Schlumberger (SLB), the world's largest oil field services company, released its Q1 2013 earnings Friday, April 19. While the firm continued to face headwinds in the North American market primarily due to lower pricing, its international business performed well aided by growth in Asia-Pacific and the Middle East. Quarterly revenues grew by around 7% year over year to around $10.6 billion, while net income fell by around 3% to $1.26 billion.
Among the firm's product groups, reservoir characterization and drilling segments put up a strong showing thanks to better global offshore activity while the production group continued to face margin pressures due to a slow North American market. Here are some of the key takeaways from the firm's earnings release. (See also: "Here's What To Expect From Schlumberger In Q1.")
International Business Continues to Perform
Schlumberger's international business continued its strong run with revenues growing by around 13% year over year to $7.2 billion, while income before taxes grew by 21%, to around $1.5 billion. The division's performance outpaced the growth in the international rig count thanks to higher activity levels as well as some market share gains. Schlumberger expects global exploration and production spending to grow by around 10% this year and estimates that its international operating income will exceed this growth due to a favorable activity mix.
Asia-Pacific and the Middle East: This segment saw revenue and profits grow by around 21% and 28%, respectively, aided by strong activity in most parts of the region. In China, the firm continues to gain from offshore developments as well as complex conventional land based developments. China could also open up a significant opportunity for the firm in the unconventionals space as the country has auctioned several shale gas blocks, many of which were won by non-oil companies who will require expertise to unlock the reserves. The firm's performance in the Middle East was also strong aided by growing activity in Saudi Arabia as well as progress in Iraq and the United Arab Emirates. Saudi Arabian activity is expected to expand further with the rig count expected to touch 170 from current levels of around 140.
Europe, CIS, Africa: The Europe, CIS, Africa segment witnessed revenue and profit growth of around 11% and 19%, respectively, driven primarily by better results from Africa. While North African operations remained quite lackluster due to security concerns, countries in Sub-Saharan Africa performed well because of strong development and exploration drilling as well as Marine seismic operations in countries like Angola. Operations in Europe's North Sea, which is one of the world's largest and most sophisticated offshore drilling markets, were also encouraging as there was a transition from exploration to development and production-related work.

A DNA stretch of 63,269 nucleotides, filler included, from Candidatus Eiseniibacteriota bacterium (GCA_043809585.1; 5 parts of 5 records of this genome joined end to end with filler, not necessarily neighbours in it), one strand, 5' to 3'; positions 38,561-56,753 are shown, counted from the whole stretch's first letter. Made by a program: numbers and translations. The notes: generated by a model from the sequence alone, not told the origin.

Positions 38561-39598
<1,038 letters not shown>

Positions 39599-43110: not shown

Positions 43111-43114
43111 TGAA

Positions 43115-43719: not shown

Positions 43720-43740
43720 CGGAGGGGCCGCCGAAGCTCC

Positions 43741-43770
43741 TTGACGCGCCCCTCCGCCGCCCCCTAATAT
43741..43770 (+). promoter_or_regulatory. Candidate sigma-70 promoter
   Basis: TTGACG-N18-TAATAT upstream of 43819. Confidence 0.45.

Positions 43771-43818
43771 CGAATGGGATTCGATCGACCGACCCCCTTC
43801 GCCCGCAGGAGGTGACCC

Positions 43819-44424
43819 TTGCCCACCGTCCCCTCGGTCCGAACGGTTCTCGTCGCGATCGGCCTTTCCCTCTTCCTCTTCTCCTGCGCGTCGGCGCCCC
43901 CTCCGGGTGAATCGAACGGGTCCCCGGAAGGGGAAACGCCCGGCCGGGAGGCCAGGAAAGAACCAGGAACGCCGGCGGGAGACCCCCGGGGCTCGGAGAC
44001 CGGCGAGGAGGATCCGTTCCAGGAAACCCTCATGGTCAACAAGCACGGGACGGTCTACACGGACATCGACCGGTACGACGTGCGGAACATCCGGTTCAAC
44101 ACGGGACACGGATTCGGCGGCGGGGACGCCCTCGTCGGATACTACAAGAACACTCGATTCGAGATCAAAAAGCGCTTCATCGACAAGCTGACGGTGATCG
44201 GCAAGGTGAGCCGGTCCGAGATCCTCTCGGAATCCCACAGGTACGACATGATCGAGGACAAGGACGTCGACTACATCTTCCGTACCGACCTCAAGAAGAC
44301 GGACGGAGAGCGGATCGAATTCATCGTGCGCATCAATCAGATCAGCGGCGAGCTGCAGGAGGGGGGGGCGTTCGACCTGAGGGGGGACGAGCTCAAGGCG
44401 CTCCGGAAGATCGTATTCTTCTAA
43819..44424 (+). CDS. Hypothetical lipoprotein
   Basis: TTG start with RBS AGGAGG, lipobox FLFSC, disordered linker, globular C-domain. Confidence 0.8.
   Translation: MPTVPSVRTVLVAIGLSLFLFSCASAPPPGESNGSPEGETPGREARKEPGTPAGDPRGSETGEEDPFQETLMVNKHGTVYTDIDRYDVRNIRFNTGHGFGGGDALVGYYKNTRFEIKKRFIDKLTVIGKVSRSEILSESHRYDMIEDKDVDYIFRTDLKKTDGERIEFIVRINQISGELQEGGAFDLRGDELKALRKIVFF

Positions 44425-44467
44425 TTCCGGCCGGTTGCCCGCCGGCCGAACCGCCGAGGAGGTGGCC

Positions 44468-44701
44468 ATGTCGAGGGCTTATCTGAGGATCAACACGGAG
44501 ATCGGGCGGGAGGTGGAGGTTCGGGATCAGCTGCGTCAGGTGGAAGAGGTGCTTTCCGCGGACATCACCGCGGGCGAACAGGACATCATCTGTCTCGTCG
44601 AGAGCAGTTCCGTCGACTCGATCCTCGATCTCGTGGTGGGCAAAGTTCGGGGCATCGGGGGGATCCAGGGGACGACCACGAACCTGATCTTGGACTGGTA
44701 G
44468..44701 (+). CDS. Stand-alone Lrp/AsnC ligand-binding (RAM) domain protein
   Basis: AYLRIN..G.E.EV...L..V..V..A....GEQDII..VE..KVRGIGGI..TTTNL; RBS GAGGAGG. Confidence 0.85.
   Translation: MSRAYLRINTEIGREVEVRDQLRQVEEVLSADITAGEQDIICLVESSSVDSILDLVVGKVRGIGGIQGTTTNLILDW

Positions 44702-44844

North American Pricing Remains Challenging
Revenues for Schlumberger's North American operations were down by around 4% year over year to around $3.3 billion, while income before taxes dropped by around 19% as a result of weaker pricing and maintenance related delays in the U.S. Gulf of Mexico. The North American rig count ended the quarter around 10% lower compared to last year due to a significant cutback in gas drilling in the U.S.
Pricing Continues to Weigh Down Results: The firm mentioned that pricing was the primary challenge in the U.S. indicating that the downward trend in drilling, wire line, and coiled tubing witnessed during Q4 2012, continued into the first quarter as well. The pressure pumping business also remained tough as U.S. gas drilling slumped to 14-year lows during this quarter. The prices for fracking services, which are used to stimulate shale gas and oil wells, fell by around 15% in the United States over the last year and are expected to fall by another 6% this year.
On the bright side, Schlumberger's North American operations have seen some progress with better drilling efficiencies, improvements in asset utilization and lower prices for certain raw materials such as guar gum, which are used in the fracking process.
Maintenance-Related Activity Hits U.S. Gulf of Mexico: The U.S. Gulf of Mexico has been a bright spot for the firm over the last few quarters helping to soften the blow of lower land-based drilling. However, in this quarter, although the number of active offshore rigs in the Gulf rose by nearly 10% year over year, activity in the region was temporarily slowed down by maintenance work on deepwater rigs. Since most of these issues have been resolved, it is unlikely to impact the firm going ahead.
Outlook Remains Uncertain for North America: While U.S. natural gas prices have recovered by nearly 20% over the last quarter to levels of around $4 per mmBtu due to colder weather, this hasn't resulted in an increase in dry gas drilling activity as many gas producers have scaled back on their exploration budgets. Schlumberger maintained a cautious outlook for North America indicating that pricing is likely to be the primary concern in the near term.
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